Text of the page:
1. Enlist your circle of support to assist with tangible help (i.e. childcare, food delivery, homework help, etc) — you will need assistance, regardless if you work outside the home or not (but especially if you do). Look for free and low-cost local resources through your school district, faith communities, social support network, etc.
  2. Get your own psychotherapist/life coach. Being a special needs parent is taxing X 100. Being a parent is hard, but when you are navigating the IEP system, juggling schleps to occupational therapy or speech therapy appointments, and attempting to simultaneously keep your head above water, you need your own support go-to person  (Lisbon, 2017).
  3. Spend 1:1 time with other children in the family so that they are not overlooked or sidelined due to the special needs of your other child. Dedicate quality time at least weekly with your other child(ren). Special needs sibs are at risk for depression and anxiety — they may also need their own supportive therapy or support group (Winter, 2016).
  4. Make time for dating your significant other. When there is a special needs situation in a family system, marriages can be tested to the hilt. Very important to place date night as a priority (Winter, 2016).
  5. Self-Care in the form of good sleep, nutrition and exercise…total essentials to keep mama’s brain health where it needs to be (Kendall-Tackett, 2017).
  6. Commune in nature and meditate or do yoga. Studies back up the importance of releasing held stress in the body.
  7. Find creative expression and do it (painting, cooking, dancing, etc). Creative expression also releases held stress and trauma (Malchiodi, 2010).
  8. Know that with your fortitude, advocacy, resourcefulness and perseverance, your child(ren) will be more than okay in this world…because YOU are their kick-ass mother/caregiver. Your child has learned and continues to learn to love themselves for their unique gifts and contributions to the world. If you have a child with learning challenges, show them the extensive list of successful people who have not only become successful, famous, and talented in their work, but they have done so because of their “gifts” of (dis)abilities. We all learn and express ourselves differently, and with creative brilliance and unique learning styles, our world is a diverse and enriched world.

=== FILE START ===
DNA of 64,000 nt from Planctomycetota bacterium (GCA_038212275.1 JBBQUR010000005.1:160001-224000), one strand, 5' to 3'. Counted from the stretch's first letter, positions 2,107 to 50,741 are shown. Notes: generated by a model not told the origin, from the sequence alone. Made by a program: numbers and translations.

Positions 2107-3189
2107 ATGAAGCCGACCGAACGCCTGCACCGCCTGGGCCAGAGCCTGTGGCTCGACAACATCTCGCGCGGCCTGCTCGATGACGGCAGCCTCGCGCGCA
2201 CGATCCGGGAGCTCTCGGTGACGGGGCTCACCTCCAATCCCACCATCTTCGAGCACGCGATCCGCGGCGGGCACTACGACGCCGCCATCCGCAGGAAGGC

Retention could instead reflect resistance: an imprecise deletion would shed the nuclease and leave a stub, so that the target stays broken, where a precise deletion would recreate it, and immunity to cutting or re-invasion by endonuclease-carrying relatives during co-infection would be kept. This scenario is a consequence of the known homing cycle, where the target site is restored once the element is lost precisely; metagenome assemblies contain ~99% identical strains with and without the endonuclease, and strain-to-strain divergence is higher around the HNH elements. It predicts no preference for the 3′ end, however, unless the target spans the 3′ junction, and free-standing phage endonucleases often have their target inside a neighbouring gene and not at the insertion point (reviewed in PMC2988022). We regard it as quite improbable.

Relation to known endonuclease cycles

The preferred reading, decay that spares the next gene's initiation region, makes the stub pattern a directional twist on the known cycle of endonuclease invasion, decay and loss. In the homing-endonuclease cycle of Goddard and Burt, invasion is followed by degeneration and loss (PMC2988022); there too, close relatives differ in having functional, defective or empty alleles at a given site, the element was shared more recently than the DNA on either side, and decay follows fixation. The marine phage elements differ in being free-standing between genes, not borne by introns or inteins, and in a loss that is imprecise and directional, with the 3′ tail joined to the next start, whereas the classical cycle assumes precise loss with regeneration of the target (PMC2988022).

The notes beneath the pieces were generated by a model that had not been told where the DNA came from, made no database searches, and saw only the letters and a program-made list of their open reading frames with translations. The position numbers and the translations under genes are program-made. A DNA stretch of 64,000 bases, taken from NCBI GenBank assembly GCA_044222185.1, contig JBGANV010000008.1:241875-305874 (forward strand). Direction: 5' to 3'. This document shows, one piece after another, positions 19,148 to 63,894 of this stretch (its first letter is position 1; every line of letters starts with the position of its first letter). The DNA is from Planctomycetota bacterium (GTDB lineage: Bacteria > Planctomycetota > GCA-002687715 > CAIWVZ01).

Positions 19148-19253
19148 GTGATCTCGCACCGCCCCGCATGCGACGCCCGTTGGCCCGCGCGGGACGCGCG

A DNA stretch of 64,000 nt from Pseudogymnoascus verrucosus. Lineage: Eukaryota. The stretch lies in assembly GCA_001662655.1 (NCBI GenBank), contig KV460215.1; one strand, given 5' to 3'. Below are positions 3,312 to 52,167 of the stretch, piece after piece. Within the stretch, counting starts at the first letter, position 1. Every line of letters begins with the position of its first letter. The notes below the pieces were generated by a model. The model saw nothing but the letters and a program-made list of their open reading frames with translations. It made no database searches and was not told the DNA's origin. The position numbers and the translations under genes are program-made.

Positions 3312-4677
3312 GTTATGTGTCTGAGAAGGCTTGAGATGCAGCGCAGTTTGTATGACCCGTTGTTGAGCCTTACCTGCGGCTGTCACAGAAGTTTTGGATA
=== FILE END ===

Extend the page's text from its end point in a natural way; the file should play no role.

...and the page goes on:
9. As a mama, “Holland” really isn’t so bad. You do end up taking trips to “Italy” and other destinations along the way. You find the tulips in your garden, and it really is ok. It’s just different, and not what was in your original plans.
  10. I am out of space on this blog post, but stay tuned for more tips….Be proud of your Super Powers as a Special Needs Parent.

Famous people. (n.d.). Retrieved September 17, 2017, from https://www.understood.org/en/learning-attention-issues/personal-stories/famous-people

How Hiking Is Good for Body and Mind. (n.d.). Retrieved September 13, 2017, from http://www.webmd.com/fitness-exercise/features/hiking-body-mind

Lisbon, April (2017).Stretched Thin: Finding Balance Working and Parenting Children with Special Needs: Amazon Digital Services.

Malchiodi, C. A. (2010). The art therapy sourcebook. New York: McGraw-Hill.

Uppitysciencechick. (n.d.). Retrieved September 13, 2017, from http://www.uppitysciencechick.com/

I. (2015). The Body Keeps the Score: Brain, Mind, and Body in the Healing of Trauma by Bessel van der Kolk, MD | Key Takeaways, Analysis & Review. San Francisco: IDreamBooks Inc.

Winter, J. (2006). Breakthrough parenting for children with special needs: raising the bar of expectations. San Francisco, CA: Jossey-Bass.